The survival pressures on the duty blade pushed it towards something that could fight with both man and machine, as well as contribute to the housekeeping chores while on the lamb. As warfare became more mechanized, the survival blade took on the shape of a short Bowie or Saber form with a thicker spine. Soon, the design became a victim of standards demanded from it rather than a choice from what was available. As the specifications hardened into government requirements, the pool of survival blade shapes converged on a smaller saber-like shape or spear-point with accoutrements such as saw teeth on the spine, guards separating blade and handle, electrically non-conductive grips, and a hammer-like pommel. In other words innovation took a backseat to procurement proposals.
Sweden Knows Survival:
Sweden is more than Saab, Volvo and ABBA. And yes, Ikea and Hasselblad are two other popular Swedish exports, but if you look in your survival kit, you might find a few other Swedes hanging around including Mora Knives and Swedish Firesteel. In fact the Swedish company Husqvarna is well known for chainsaws and lawn mowers, but back in 1689 Husqvarna made some of the finest muskets in the world. And even today the Husqvarna logo is still a gunsight. So with the same no nonsense traditions that created Spotify, Skype, Aimpoint red dot sights, and the oldest standing army in the world, the Swedes also make one of the finest survival knives with the Fallkniven A1.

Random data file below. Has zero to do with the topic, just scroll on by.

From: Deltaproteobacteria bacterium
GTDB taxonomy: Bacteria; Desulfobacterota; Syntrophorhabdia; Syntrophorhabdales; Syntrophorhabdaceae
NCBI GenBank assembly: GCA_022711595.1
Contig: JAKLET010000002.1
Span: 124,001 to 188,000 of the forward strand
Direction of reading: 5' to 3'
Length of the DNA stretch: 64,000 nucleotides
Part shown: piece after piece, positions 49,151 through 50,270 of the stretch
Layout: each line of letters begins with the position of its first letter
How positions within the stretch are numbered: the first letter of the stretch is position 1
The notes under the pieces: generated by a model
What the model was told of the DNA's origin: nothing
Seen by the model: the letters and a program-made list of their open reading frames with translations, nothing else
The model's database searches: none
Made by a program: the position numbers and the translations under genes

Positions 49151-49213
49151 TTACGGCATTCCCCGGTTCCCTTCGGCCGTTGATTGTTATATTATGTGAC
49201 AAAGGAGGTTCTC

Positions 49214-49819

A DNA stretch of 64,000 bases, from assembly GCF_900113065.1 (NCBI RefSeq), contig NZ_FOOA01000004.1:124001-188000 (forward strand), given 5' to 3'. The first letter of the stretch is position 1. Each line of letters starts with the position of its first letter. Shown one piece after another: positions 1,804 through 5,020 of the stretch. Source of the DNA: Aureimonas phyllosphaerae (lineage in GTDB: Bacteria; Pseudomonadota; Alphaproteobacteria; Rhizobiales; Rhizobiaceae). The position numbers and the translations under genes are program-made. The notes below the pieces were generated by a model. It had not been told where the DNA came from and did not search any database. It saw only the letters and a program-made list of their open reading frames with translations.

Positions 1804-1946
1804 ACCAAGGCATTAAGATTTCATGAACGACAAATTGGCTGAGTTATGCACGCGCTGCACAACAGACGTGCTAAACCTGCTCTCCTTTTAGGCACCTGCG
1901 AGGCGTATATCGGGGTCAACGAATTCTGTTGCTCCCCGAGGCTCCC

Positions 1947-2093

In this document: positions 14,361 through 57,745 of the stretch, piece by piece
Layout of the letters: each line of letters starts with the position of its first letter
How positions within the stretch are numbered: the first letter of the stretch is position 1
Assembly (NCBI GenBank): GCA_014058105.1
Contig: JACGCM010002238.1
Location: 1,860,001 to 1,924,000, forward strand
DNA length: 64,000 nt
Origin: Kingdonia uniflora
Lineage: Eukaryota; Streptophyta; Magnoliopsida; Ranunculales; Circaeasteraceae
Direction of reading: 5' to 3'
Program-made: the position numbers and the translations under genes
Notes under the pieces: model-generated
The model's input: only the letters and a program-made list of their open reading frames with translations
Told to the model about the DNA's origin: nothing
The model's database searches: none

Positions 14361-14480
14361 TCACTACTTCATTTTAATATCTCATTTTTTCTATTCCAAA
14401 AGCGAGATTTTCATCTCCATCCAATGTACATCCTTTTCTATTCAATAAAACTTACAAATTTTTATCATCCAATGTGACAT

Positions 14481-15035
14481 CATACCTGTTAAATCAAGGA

Compared to hunting and bushcrafting blades, the A1 is a beast, but not so beastly to be mistaken for a Rambo-complex knife. At almost a foot long and three-quarters of a pound heavy, the A1 is a formidable chunk of edged hardware. Its near quarter-inch thickness has sustained loads in break tests well over 500 pounds where the load was placed half-a-foot out from the fulcrum.
And if size alone weren’t enough, the blade steel is actually of sandwiched construction, or laminate in knife lingo. Two different metal alloys are layered; one that is softer and more stain resistant surrounding a harder and thus more brittle traditional edge steel. In the case of the A1, it is highly proven VG10 steel for the edge, blanketed in 420J2 stainless steel. Combining multiple steels in a single blade is not new. In fact, laminate steel blades were used centuries ago by another Swedish export, the Vikings!